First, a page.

Coat of Arms
of Bishop Claude Champagne, O.M.I.
The upper part of the shield is called "undy" in heraldry. It evokes the Atlantic coastline which defines the archdiocese of Halifax and the diocese of Yarmouth.
The star is the Stella Maris, the Star of the Sea, a major Marian symbol adopted in 1884 as the principal Acadian symbol. As such, it was incorporated in the coat of arms of the diocese of Yarmouth in 1953.
The fleur de lys was the emblem of the kings of France. It became part of their royal heraldry during the reign of Philip Augustus (1165-1223). During the High Middle Ages, the fleur de lys acquired a strong Christological and Marian dimension, based largely on the Song of Songs: "I am the rose of Sharon, the lily of the valleys" (Sg. 2.1) and "As a lily among the thistles, so is my love among the maidens" (Sg. 2.2). Its inclusion in Bishop Champagne’s armorial bearings recalls his native province; he was born in Lachine, Quebec, in 1947. The fleur de lys is also found in the Yarmouth diocesan arms.
Since 1937, the white trillium is in Ontario’s floral emblem. It recalls that Bishop Champagne’s pastoral career was chiefly in Ontario and principally in the archdiocese of Ottawa. The Latin cross adorned with the instruments of Christ’s Passion is the principal element of the armorial bearings borne by the Oblates of Mary Immaculate, a religious Institute founded in 1815 by Bishop Eugène de Mazenod to serve the missions and to run seminaries. It occupies the place of honour in Bishop Champagne’s coat of arms to indicate his membership in this religious institute which has been active in Canada since 1841.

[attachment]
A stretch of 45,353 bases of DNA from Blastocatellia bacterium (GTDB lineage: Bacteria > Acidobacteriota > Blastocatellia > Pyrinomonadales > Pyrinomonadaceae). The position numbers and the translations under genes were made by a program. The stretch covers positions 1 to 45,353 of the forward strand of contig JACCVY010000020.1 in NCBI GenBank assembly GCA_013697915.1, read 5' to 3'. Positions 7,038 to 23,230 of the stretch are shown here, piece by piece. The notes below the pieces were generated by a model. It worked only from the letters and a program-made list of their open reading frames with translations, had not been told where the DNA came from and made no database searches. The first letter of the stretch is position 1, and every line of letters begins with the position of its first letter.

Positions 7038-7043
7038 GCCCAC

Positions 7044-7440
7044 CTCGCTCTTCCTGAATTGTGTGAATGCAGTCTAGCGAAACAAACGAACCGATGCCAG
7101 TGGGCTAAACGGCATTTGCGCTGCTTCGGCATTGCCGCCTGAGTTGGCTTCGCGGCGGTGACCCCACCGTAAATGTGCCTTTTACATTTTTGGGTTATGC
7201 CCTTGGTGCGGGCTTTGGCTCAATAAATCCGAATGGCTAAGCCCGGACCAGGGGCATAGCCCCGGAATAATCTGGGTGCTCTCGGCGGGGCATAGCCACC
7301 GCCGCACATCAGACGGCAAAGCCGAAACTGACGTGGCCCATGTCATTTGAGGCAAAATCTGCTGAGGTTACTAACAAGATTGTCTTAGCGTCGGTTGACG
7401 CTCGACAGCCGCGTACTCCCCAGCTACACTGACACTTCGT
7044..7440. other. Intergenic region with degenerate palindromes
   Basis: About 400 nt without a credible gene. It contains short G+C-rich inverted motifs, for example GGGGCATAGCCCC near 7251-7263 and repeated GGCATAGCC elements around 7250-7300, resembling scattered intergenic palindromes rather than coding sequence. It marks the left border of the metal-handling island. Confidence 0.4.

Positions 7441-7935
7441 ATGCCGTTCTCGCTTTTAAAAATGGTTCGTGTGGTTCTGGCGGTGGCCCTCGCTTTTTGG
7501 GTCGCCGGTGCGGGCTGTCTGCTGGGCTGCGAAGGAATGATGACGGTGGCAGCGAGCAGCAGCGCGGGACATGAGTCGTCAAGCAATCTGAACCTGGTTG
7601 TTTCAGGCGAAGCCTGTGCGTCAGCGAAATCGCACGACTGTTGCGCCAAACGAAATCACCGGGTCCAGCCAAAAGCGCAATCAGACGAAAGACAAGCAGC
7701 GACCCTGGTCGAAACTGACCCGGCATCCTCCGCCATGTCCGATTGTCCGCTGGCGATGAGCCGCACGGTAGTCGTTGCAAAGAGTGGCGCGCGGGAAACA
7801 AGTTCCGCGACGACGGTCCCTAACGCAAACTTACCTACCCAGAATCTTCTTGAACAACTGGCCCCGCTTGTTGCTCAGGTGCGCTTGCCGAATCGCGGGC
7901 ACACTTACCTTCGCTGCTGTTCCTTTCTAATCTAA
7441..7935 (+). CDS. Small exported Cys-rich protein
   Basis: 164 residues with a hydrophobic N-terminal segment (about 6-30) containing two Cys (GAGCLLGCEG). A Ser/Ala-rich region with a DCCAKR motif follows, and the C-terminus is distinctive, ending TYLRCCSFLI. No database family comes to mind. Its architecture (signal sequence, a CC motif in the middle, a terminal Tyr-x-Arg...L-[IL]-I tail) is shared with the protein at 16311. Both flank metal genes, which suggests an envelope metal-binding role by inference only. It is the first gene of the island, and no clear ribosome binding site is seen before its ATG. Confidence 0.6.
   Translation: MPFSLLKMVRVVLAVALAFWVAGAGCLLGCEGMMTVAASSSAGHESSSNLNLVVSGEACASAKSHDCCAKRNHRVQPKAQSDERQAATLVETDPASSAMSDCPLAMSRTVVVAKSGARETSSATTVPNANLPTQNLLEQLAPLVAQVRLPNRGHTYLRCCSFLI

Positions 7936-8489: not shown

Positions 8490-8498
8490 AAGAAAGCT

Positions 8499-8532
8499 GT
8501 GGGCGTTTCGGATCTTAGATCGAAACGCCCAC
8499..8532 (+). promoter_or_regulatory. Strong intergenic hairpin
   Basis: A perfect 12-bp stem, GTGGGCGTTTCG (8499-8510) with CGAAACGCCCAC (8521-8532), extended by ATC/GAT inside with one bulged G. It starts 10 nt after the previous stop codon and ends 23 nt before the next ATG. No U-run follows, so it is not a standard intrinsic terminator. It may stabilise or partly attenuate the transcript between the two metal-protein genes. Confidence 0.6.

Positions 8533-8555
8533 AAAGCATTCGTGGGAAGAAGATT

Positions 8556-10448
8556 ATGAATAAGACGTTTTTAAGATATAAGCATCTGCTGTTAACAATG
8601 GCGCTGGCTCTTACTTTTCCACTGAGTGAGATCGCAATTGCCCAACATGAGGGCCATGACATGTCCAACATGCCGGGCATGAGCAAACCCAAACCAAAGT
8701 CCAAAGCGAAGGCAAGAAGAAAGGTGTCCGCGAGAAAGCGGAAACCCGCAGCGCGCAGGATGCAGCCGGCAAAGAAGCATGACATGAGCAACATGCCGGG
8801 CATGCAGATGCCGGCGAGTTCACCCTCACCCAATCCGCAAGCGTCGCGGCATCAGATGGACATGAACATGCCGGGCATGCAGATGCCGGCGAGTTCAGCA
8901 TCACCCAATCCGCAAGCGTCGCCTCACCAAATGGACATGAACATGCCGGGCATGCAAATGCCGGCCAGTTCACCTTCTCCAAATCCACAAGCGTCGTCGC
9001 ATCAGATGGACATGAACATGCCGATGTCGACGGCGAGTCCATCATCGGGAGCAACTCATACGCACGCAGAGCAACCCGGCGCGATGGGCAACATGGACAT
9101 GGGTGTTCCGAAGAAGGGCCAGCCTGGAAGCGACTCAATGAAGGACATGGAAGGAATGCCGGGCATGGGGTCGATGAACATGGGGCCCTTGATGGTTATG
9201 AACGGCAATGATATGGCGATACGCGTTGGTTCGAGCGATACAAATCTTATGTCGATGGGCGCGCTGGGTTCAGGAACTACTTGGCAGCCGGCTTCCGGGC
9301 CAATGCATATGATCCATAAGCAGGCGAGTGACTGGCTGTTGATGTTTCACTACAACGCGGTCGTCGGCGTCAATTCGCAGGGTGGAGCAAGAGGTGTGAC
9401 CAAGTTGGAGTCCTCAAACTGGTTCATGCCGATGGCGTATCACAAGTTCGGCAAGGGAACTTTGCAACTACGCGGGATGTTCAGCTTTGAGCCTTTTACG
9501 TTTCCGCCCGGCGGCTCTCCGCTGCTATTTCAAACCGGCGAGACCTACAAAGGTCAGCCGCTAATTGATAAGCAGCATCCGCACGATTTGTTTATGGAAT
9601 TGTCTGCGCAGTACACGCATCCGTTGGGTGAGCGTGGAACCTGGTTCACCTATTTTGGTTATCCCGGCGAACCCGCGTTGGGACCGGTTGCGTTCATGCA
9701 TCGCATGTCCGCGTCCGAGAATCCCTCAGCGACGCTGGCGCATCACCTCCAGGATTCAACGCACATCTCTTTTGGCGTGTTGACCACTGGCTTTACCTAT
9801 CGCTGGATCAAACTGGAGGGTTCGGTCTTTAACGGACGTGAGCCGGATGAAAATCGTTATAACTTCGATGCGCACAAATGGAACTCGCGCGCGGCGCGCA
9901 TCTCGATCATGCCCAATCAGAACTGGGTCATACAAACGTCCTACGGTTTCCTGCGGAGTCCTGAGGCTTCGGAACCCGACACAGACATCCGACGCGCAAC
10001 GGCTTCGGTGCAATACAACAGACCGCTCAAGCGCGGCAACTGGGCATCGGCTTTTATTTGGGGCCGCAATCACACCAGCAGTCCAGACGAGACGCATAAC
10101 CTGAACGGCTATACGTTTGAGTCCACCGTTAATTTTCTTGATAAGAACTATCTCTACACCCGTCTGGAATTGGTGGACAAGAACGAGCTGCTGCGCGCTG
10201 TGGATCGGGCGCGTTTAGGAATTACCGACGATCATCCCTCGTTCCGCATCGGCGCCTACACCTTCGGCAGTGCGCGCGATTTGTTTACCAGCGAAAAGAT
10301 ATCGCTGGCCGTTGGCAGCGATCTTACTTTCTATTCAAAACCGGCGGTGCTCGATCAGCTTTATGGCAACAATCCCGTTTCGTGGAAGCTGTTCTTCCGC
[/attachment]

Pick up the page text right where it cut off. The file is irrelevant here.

The lower part of the shield is called, in French heraldic terminology, a "Champagne", hence its use in Bishop Champagne’s coat of arms. It evokes the former French province of Champagne, the birthplace of his first ancestor who migrated to Canada.
An open book is emblematic of the Gospels. A bishop has the responsibility of keeping intact the Word of God and of spreading its message. The book bears the first and last letters of the Greek alphabet, the Alpha and Omega, meaning that Jesus is the beginning and the end of all things: "I am the Alpha and the Omega", says the Lord God, who is, who was, and is to come, the Almighty". (Revelation 1,8)
The Latin motto "Verba vitae aeternae habes" is translated as: "You have the words of eternal life". It is the Apostle Peter’s profession of faith (John 6.68).
A cross with a single bar behind the shield is specifically assigned to bishops as a heraldic symbol of their dignity, as is the green hat with twelve tassels, six on each side.
Robert Pichette of the Académie internationale d’héraldique - May 7, 2003